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A corrections officer accused of retaliating against a Brigham Young University student who reported a rape may face a review from Utah's police regulators, even though the retaliation charge has been dropped, Utah County Sheriff Jim Tracy said.
The officer, Edwin Randolph, said he took police reports about the rape to campus administrators in an effort to help female athletes, Tracy said.
That explanation appears to contradict evidence gathered by Provo police. The pages Randolph gave to BYU included details about the woman's medical exam after the alleged rape, for example; how the release of such information could arguably help female athletes is unclear. The school began an Honor Code investigation into the conduct of the woman, who is not a student-athlete, after receiving the documents.
Randolph was disciplined for violating a sheriff's office policy, but not in connection with the disclosure, Tracy said. He said he believes Randolph never intended to retaliate against the student and should not have been charged.
"There was some judgment that probably was not the best in the world and created some problems, there were no doubts about that, but it was not criminal," Tracy said.
Tracy is the chairman of the governing council of Utah Peace Officer Standards and Training, or POST, which investigates misconduct by law enforcement officers. He said his office forwarded the Randolph matter to POST Monday.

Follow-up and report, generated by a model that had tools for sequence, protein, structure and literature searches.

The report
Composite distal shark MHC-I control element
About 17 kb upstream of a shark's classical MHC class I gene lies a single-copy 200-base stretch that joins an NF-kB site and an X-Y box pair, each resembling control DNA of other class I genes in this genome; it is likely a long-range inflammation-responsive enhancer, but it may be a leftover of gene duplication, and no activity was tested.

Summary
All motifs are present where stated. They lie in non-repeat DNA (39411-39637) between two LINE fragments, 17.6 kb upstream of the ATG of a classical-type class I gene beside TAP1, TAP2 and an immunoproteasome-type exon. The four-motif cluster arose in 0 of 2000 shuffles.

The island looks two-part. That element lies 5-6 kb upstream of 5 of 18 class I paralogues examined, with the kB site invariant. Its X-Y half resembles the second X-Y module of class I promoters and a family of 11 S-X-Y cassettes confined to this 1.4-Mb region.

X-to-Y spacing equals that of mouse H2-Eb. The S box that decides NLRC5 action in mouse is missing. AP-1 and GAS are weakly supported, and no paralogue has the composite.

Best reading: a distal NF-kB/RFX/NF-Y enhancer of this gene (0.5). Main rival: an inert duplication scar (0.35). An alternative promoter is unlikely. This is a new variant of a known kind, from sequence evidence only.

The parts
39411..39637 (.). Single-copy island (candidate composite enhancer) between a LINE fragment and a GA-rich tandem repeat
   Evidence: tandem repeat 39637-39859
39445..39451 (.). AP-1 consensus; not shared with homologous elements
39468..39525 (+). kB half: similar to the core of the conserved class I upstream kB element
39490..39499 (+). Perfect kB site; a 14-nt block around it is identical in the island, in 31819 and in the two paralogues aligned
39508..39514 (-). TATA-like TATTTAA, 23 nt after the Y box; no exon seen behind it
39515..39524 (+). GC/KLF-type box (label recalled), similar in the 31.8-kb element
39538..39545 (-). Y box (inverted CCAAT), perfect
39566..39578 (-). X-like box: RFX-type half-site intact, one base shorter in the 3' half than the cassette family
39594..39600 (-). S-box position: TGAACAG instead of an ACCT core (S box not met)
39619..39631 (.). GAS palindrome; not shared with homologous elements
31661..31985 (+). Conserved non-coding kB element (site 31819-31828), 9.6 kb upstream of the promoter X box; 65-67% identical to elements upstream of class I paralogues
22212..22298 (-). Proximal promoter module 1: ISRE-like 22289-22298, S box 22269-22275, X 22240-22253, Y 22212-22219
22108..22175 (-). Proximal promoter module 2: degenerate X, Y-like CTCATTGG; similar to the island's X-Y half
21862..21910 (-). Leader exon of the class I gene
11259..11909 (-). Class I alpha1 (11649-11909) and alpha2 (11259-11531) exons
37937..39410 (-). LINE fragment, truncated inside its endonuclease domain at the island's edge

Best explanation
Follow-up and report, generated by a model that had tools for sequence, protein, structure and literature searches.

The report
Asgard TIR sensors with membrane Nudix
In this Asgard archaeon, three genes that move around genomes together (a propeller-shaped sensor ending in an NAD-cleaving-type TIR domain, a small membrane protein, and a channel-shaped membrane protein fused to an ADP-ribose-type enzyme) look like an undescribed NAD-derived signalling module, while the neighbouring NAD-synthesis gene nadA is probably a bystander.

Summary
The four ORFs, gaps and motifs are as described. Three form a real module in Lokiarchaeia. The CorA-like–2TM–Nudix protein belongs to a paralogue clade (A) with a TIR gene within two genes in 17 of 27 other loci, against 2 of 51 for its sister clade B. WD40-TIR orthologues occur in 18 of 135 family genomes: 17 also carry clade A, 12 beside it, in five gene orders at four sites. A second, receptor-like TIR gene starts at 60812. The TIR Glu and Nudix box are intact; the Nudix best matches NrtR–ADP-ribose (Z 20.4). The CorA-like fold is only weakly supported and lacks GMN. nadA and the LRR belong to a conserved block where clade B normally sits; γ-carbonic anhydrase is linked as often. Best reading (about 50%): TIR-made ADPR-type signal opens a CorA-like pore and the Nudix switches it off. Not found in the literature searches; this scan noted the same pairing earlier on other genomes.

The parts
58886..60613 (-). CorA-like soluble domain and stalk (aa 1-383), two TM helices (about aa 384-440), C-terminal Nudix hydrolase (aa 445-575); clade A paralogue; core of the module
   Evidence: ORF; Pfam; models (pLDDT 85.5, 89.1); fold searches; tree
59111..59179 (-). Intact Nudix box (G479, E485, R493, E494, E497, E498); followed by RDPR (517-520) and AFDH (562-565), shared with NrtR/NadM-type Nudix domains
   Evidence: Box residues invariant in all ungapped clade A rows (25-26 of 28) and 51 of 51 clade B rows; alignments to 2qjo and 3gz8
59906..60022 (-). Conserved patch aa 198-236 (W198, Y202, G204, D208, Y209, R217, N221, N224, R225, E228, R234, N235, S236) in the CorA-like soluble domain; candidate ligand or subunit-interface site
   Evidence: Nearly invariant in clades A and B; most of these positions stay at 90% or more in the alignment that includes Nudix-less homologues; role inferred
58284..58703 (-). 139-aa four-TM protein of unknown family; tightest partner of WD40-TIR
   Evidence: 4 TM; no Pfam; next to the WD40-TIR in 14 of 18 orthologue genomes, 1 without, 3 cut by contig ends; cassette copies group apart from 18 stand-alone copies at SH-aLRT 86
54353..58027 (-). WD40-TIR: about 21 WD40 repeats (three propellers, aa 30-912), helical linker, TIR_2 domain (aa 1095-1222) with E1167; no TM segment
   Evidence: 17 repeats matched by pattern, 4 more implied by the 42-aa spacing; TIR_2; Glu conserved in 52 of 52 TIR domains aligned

Because Provo police recommended criminal charges against Randolph, POST investigators likely will conduct their own inquiry. POST can take action against officers even when there is no criminal prosecution.
Randolph's conduct emerged as part of a broader discussion about how BYU handles sexual assault reports and the Honor Code at the private school, which is owned by The Church of Jesus Christ of Latter-day Saints. Its Honor Code Office enforces a dress code and bans alcohol, drugs and premarital sex. Some women recently have come forward to say they faced school sanctions for Honor Code violations after they reported being sexually assaulted.
'He cares about these girls' • Randolph and Nasiru Seidu, the defendant in the rape case, were charged in February with felony witness retaliation against BYU student Madi Barney after Randolph gave BYU more than 20 pages of the Provo police file.
Seidu, 39, is not a student at BYU. The school began investigating Barney, and she says she is forbidden from enrolling in classes until she cooperates something prosecutors have advised against. The Tribune generally doesn't name sexual assault victims, but she agreed to be identified.
Less than a week after the charge against Randolph was filed, Utah County Attorney Jeff Buhman asked a judge to dismiss it.
Tracy declined to answer certain questions about his office's internal investigation into Randolph, saying the report's contents may not be public under state law and that he didn't want to interfere in the prosecution of Seidu.
Randolph and Seidu are both from Ghana and are acquaintances through their connections in Utah County's Ghanese community, the sheriff said. A friend of Seidu's gave Randolph the report, he said. Randolph, who has coached women's track at BYU, was concerned the actions described in the report were an example of a woman being targeted, Tracy said.
Randolph and Seidu's friend took it to BYU's Title IX office, which ensures compliance with a federal mandate to provide equal education and services for men and women. Randolph wanted to talk to the office about preventing attacks against women, Tracy said.
"He cares about these girls he's mentored over the years in track and he hates to see them victimized," Tracy said.